30-Second Reviews: Books about Girls and Their Hair: شعر ميمي and ليلى تسرح شعرها

I have two boys (and a third of undetermined gender in the womb), and thus far have not given much thought to the topic of…hair.

Well, yes, my boys have it. But I never think much about their locks, except: “Oh, come on, washing it won’t kill you” with the older and “no, no, we can’t have seven baths a day” with the younger.

So books about girls and their hair are somewhat foreign territory for us. But girls are always reading books with male heroes and boys’ interests, so, I thought: Why shouldn’t we read books about long, curly hair?

The first one we came across (at a reading) was Fatima Sharafeddine’s شعر ميمي. This book—clearly one of Sharafeddine’s favorites among her work—is a tale where Mimi wants to exchange her curly hair for princess-like straight locks. Her mother won’t give in to young Mimi’s desire for a hair straightener, and Mimi goes to sleep dreaming of “princess hair.”

When, in a dream, Mimi gets her straight princess hair, she finds that her friends—and even her beloved grandfather—no longer recognize her. The story makes excellent use of repetition and anticipation (by the time we reach the grandfather, we already know he won’t recognize poor Mimi), and the children get to deduce for themselves that her hair will return to curliness in the rain.

When she awakes, she has changed her mind about شعرها الملوّى: after all, it’s her hair, and it’s part of what makes her recognizably and proudly Mimi. (And, of course, she is always her mother’s princess.)

Lovely, vivid, manga-style drawings by Rasha al-Hakim give a lot of additional information and are delightful in themselves. What’s also nice about this—and you don’t have to be a girl to enjoy it—is that we know the “real” Mimi is beneath this straight-hair impostor, just as we know the real Harry is under all that dirt in the classic Harry the Dirty Dog. Children thus can anticipate the happy future when the rain starts falling on Mimi’s hair (as we do when Harry gets in the bathtub).

Who will enjoy it: Girls and boys, although an emphasis on girls with curly hair.

Ages: 3-6. (Sharafeddine herself recommends it for readers 4-6.)

Published by: Kalimat, available where Kalimat books are sold

In Samar Taher Abdelal’s ليلى تسرح شعرها, the approach is somewhat different. Leila has wild, wonderfully curly hair. The tale begins with a happy wild-haired Leila chasing a happy cat. But:

ليلى فتاه مرحه و لطيفة، شعرها بني مموج، لكن هنأك مشكلة مغيرة، فليلى لا تسرح شعرها.

It’s not just hair-brushing Leila loathes, it’s (as my older son) also baths. When her mother asks why she’s crying, Leila says that her hair bothers her, and her mother (sensibly) replies that this is because she doesn’t brush it regularly.

Then, when a party’s coming up at school, Leila’s teacher tells her:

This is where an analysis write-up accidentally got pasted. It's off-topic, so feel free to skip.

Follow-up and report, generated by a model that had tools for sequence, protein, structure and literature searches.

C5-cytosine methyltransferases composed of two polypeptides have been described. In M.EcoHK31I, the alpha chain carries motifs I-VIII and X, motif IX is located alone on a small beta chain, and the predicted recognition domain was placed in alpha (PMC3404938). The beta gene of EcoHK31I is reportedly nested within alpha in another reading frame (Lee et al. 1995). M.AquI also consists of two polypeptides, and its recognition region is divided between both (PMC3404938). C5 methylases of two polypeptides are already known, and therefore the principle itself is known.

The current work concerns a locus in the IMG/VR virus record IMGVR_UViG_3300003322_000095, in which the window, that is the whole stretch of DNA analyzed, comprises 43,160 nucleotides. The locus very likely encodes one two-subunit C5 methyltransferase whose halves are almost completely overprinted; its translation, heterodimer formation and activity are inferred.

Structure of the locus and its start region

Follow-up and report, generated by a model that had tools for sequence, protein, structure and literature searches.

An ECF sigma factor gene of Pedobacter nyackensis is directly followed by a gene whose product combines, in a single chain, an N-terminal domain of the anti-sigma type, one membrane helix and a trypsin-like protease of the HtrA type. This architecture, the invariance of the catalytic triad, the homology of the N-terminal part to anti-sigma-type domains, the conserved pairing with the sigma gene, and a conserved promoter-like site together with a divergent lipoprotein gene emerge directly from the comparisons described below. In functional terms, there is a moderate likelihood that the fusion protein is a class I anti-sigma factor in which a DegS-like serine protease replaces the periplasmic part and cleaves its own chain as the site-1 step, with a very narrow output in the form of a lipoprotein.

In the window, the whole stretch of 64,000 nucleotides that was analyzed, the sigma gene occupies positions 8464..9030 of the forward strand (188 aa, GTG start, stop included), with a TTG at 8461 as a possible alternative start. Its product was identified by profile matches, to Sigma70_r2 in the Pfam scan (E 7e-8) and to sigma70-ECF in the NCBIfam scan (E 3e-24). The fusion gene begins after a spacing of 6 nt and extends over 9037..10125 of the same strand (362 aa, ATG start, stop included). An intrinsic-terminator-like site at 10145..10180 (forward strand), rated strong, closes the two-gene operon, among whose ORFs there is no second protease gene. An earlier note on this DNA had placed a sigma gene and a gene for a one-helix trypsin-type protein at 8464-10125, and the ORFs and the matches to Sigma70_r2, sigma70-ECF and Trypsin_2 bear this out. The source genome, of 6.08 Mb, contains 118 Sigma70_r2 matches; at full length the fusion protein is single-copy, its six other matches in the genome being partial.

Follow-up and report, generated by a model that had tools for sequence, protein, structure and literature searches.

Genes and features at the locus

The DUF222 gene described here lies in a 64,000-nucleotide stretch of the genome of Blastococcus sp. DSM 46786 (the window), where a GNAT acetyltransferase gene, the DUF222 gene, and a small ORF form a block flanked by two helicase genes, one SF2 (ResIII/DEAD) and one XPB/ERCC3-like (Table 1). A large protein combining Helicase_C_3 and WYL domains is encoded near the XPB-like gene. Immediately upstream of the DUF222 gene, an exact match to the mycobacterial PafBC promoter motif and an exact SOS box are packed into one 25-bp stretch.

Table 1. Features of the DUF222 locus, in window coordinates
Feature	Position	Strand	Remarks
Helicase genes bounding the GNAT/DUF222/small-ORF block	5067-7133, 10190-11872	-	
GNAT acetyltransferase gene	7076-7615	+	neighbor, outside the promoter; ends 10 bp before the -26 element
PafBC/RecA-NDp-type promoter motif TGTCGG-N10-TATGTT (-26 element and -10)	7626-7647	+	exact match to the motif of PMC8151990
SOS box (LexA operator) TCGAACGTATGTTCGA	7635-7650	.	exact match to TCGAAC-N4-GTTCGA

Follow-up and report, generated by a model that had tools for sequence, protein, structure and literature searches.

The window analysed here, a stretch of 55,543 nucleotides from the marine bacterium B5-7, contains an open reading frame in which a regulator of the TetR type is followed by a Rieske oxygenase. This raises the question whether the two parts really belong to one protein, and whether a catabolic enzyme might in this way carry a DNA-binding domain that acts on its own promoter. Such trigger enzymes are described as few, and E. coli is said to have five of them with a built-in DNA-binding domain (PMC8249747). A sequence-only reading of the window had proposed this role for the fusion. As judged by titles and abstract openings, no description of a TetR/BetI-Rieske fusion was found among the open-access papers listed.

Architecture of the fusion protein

صوف تقام غدا بالمدرسة حفلة … قلت المعلمة لليلة: أعملي في شعرك صغيرة وربطها بشرائط حمراء جميلة.

Leila thinks it over and decides to bathe and have her hair brushed (my younger son loved the picture in the bathtub, which is fun). The brushing clearly hurt, and Leila had to grit her teeth to bear it. Youch.

Leila is pleased at the show, and decides that from now on she wants to brush her hair and keep it tidy.

Of course, most of us agree that children should take baths and comb their hair, and that girls’ wild, curly hair has to be dealt with in some manner or another (barettes? hair ties?). But my older son thought Leila looked happier (and like more fun) in the first frame, before she underwent her hair-taming procedures.

Also, the story slides from beginning to end very quickly, without much for the child-reader to hang onto. We move from wild hair to straight without really encountering a problem (except the mother’s and teacher’s mild suggestions), and without Leila triumphing over anything.

Who will enjoy it: I see this as more of a book for parents trying to get their tomboyish girls to bathe and comb their hair. (Look! Leila likes it!)

Ages: Again, probably 3-6.

Published by: Nahdet Masr, available at Kotob Khan and elsewhere around Cairo.

Abdelal’s ليلى ترتب غرفتها is more successful (and perhaps easier to relate to, for the boys) in that we see the problem for ourselves (Leila’s crazy-messy room) and we can anticipate that it will bring disaster on disaster (her mother falls on a toy! Leila trips and splashes juice all over her friends’ clothing!). There are also some fun moments in the language, like:

ليلى دخلت بالعصير
لكنها تعثرت بالالعب
و وقع كل الشراب
على ملابس الأصحاب

(Also, Leila gets to keep her wild hair, which pleased my older son.) But for such a sparkplug character like Leila, who looks like she must be wild, strong-willed fun, I thought perhaps there could be a splash of humor, or some way in which Leila gets to hold onto her special something while also giving in and, yes, cleaning up her room.

Who will enjoy this: Certainly parents who want their children to clean their rooms; children will also appreciate the disaster (like the mother stepping on a remote-controlled car and the juice flying into mid-air) and the resolution.

Ages: 3-6

Published by: Nahdet Masr, available at Kotob Khan and elsewhere around Cairo.

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